Co-author Professor Peter Mumby of UQ’s School of Biological Sciences said only nine per cent of marine protected areas (MPAs) reported having adequate staff and only 35 per cent reported acceptable funding levels.
“Despite this, MPAs are an increasingly popular strategy for protecting marine biodiversity,” he said.
Professor Mumby said, after four years compiling and analysing data on site management and fish populations in 589 MPAs around the world, researchers discovered shortfalls in staffing and funding were hindering the recovery of MPA fish populations.
Lead researcher Dr David Gill, conducted the study during a postdoctoral fellowship supported by the National Socio-Environmental Synthesis Center (SESYNC) in Maryland, and the Luc Hoffmann Institute, Switzerland.
He said the study identified critical gaps in the effectiveness and equity of marine protected areas.
While fish populations grew in 71 per cent of MPAs studied, the level of recovery of fish was strongly linked to management of sites.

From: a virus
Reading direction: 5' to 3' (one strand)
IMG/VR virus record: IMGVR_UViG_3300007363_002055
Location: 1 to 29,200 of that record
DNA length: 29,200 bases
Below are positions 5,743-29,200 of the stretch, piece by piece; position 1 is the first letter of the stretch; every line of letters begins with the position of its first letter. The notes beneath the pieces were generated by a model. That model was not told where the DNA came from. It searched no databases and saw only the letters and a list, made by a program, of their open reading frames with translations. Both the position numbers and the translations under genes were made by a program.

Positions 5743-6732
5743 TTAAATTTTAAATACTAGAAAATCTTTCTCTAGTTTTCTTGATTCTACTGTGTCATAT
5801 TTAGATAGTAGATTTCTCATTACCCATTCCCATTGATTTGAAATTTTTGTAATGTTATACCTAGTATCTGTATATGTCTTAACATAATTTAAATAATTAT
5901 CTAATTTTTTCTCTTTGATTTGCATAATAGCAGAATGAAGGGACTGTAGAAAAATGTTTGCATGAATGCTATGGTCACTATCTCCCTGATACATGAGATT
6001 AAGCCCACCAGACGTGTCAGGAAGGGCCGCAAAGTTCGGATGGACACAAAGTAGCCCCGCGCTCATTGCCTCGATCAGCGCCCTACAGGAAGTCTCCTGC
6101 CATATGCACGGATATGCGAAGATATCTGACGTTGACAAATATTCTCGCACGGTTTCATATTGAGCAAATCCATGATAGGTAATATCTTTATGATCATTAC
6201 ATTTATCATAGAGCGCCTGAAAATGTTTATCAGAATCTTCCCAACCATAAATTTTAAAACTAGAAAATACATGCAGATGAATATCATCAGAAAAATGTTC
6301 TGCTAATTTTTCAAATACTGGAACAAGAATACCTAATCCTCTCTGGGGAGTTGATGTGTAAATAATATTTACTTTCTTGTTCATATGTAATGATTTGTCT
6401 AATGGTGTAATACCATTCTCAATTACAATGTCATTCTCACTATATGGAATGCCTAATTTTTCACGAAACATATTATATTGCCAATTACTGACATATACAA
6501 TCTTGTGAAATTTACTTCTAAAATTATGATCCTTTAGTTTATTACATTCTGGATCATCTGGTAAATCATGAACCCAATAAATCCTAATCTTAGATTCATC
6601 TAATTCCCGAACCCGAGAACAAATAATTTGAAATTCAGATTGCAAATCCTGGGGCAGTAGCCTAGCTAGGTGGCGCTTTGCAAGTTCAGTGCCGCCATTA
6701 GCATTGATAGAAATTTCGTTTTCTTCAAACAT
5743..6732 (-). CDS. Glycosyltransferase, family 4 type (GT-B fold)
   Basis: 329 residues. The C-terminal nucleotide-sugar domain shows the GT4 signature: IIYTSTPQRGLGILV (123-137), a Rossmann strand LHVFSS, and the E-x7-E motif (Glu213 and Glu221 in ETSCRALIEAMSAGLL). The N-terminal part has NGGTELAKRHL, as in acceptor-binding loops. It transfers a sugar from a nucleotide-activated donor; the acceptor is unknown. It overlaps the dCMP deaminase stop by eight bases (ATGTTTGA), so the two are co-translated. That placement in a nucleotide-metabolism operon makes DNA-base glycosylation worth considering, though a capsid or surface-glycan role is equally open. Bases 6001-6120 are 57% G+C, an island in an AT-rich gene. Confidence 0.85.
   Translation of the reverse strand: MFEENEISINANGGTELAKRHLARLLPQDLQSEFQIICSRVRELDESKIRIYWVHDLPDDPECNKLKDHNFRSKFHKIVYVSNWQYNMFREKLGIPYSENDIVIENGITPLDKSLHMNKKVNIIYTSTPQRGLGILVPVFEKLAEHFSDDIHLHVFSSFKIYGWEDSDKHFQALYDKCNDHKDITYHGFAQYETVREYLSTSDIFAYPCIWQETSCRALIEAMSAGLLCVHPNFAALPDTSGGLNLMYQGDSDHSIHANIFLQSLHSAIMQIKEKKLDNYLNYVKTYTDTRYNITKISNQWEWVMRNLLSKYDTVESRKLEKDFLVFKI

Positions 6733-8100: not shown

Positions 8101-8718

At MPAs with sufficient staffing, increases in fish populations were nearly three times greater than those without adequate personnel.
“We set out to understand how well marine protected areas were performing and why some performed better than others,” Dr Gill said.
“What we found was that while most MPAs increased fish populations, including some that allowed limited fishing activity, increases were far greater in MPAs with adequate staff and budget.”
Marine protected areas have rapidly expanded in number and total area around the world.
In 2011, 193 countries committed themselves to the Convention on Biological Diversity Aichi Targets, including a goal of “effectively and equitably” managing 10 per cent of their coastal and marine areas within MPAs and “other effective area-based conservation measures” by 2020.
In the past two years alone, more than 2.6 million km2 have been added to the portion of the global ocean covered by MPAs, bringing the total to more than 14.9 million km2.
To address the issue of MPAs delivering ecological and social benefits, the authors propose policy solutions including increasing investments in MPA management, prioritising social science research on MPAs, and strengthening the methods for monitoring and evaluation of MPAs.
The research paper Capacity shortfalls hinder the performance of marine protected areas globally is published in Nature.